Elora Festival Singers give version special flavour
Tuesday, December 13, 2011
by Stephen Preece for the Record
Of the many performances of Messiah on offer during this Christmas season, the Elora Festival Singers’ version, performed Sunday afternoon at St. Mary’s Church in Elora, is special. Unlike most of the choirs that hire professional musicians to perform the solo works of the piece, the group has enough depth in its chorister ranks to cover these off with the home team. The various personalities and talents give their take a feeling of spice and variety.
The orchestra—consisting of a spare string quartet plus bass, four winds, timpani and organ—started with a brisk and up Overture launching the work at a good clip with edge and sizzle. Under Noel Edison’s baton, the feel had some push as well as a crisp sense of proper baroque accent and rhythm.
The choir’s first entry, And the glory of the Lord shall be revealed, eased into the work with a gentle female unison, only to quickly ramp up into the full ensemble, swelling the 25 voices to fill the expansive sanctuary.
As one of Canada’s handful of elite professional choirs, the singers gave this outing their trademark feeling of zest and bravado, making even the most intricate of lines seem easy.
While the soloists were too numerous to name all, some of the highlights are worth mentioning. Paul Ziadé started on tenor with the enormously difficult out-the-gate Comfort ye and Ev’ry valley, with a calm feeling of confident expression. His voice had a smooth and sculpted essence, polished with a directed energy and emotion.
Jordan Scholl presented the first bass offering, Thus saith the Lord, with an animated feeling of expression and dramatic flare. His multi-syllabic warning “I will sha-a-a-ake” boomed throughout the room with a wonderfully ominous warning.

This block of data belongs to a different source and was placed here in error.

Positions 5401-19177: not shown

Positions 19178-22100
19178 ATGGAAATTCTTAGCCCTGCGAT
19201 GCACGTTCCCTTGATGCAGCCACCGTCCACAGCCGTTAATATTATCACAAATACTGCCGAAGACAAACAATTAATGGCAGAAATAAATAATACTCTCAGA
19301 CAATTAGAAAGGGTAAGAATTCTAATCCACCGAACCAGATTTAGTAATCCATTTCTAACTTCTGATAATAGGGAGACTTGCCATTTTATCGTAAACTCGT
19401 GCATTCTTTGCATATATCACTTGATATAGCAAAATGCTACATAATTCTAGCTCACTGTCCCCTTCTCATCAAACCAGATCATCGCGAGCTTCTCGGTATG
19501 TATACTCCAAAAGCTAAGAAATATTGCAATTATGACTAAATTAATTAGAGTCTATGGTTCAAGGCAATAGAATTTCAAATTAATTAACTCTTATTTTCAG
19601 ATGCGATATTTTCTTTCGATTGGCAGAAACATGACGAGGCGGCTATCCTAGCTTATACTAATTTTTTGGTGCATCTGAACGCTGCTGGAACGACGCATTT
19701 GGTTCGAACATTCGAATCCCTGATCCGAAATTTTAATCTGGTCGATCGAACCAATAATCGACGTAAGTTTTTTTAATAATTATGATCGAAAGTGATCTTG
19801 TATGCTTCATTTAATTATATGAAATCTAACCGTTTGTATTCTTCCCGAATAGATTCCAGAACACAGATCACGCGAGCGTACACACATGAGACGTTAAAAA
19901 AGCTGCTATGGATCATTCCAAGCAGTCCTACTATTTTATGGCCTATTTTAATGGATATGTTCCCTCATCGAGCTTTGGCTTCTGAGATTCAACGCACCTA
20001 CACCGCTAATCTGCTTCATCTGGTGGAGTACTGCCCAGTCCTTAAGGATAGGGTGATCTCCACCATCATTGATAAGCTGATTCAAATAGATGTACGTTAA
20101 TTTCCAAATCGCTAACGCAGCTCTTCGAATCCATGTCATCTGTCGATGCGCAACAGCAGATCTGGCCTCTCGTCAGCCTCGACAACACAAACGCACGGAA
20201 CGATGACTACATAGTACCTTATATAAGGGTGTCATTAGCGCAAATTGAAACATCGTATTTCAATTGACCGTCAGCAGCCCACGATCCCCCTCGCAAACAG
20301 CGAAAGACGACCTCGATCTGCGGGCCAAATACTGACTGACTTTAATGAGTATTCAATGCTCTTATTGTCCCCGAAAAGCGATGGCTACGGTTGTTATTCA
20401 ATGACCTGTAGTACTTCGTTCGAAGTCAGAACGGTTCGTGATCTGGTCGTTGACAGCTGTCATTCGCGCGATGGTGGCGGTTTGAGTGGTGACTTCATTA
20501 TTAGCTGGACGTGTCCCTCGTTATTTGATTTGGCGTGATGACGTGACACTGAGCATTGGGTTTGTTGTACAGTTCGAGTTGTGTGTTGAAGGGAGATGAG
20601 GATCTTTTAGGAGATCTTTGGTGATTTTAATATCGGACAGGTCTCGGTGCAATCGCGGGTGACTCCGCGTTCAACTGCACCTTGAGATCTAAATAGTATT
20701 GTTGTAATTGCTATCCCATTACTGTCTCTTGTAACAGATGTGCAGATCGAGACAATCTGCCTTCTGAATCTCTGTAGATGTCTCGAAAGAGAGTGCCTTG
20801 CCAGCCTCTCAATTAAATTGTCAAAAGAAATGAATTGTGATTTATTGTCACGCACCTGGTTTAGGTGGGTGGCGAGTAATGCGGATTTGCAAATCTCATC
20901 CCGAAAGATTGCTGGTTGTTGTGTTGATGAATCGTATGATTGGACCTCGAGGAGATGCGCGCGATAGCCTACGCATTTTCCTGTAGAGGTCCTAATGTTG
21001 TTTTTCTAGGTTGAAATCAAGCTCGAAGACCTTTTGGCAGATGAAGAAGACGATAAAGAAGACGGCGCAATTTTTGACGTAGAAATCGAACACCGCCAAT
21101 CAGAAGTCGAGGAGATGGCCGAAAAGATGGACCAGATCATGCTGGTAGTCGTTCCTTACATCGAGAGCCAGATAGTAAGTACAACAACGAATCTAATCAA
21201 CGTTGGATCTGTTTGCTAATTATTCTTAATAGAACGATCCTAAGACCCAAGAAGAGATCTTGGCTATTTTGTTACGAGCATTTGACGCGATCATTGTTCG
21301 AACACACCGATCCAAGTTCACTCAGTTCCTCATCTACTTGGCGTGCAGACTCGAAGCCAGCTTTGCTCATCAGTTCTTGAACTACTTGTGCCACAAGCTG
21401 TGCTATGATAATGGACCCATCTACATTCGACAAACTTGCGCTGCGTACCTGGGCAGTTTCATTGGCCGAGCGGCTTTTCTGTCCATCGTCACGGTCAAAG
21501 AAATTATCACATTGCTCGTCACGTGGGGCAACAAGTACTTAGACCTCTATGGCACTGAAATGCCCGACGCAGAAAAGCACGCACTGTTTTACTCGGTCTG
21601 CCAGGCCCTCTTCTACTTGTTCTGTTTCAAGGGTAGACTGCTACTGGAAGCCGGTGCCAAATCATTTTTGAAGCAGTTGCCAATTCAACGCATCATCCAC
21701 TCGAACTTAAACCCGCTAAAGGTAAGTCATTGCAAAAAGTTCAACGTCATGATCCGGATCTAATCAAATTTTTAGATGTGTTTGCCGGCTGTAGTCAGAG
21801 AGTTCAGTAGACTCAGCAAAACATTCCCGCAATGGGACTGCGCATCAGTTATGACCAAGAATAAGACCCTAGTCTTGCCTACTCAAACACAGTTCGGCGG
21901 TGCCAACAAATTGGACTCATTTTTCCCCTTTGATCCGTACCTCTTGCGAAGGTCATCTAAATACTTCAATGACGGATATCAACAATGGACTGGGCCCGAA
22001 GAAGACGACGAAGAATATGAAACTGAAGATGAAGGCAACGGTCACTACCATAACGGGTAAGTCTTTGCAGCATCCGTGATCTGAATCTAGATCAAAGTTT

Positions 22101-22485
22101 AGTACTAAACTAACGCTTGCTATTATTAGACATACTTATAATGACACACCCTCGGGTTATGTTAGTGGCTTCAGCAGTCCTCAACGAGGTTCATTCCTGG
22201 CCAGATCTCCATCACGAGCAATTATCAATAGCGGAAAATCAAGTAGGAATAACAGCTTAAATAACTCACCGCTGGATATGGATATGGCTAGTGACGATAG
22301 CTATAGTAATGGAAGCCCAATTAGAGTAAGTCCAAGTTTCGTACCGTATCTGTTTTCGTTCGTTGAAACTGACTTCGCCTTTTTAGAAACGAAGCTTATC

The choir was in full swing by the time they hit Glory to God in the highest, masterfully navigating the full ensemble writing. Throughout the evening the group performed with a compelling sense of disciplined phrasing, punctuation and articulation. Particularly fine was their sensitive attention to dynamics, a feature which sets them apart from the rest. As an example, with the Hallelujah Chorus finishing Part 2, there is a strong temptation to burst out with all guns blazing from the start. This group eased into the first phrases with a sensitive mezzo piano, easing in and then building into a glorious fortissimo.
One of the fine pleasures of the afternoon was listening to soprano Sheila Dietrich, a longtime choir veteran sing Rejoice greatly, O Daughter of Zion. Despite a touch-too-fast tempo, the soprano sang this wonderful work with aplomb and a lovely air of grace and beauty. Her voice was round and broad, while also being precise, spirited and sweetly supple.
Similarly lovely was soprano Lesley Bouza in her sweetly confident I know that my Redeemer liveth. Here she nourished the notes with a buoyant feeling of sunshine and natural delight. Gracing the work with some of her own ornaments and phrases, there was a distilled feeling of joy in the singing that was infectious and inspiring.
Tenor Steve Surian lit into his recitative He that dwelleth in heaven with particular gusto, gripping the words with his muscularly expressive voice—“thou shalt dash them in pieces.”
With some tasteful edits, including ignored repeats and some fast tempi, the overall oratorio clocked in at under two hours (not including intermission), giving this version a crisp feeling of vitality and punch. The final chorus Worthy is the Lamb and Amen had a full dose of dramatic heft, propelling the audience to its feet and out the door with a smile on their faces.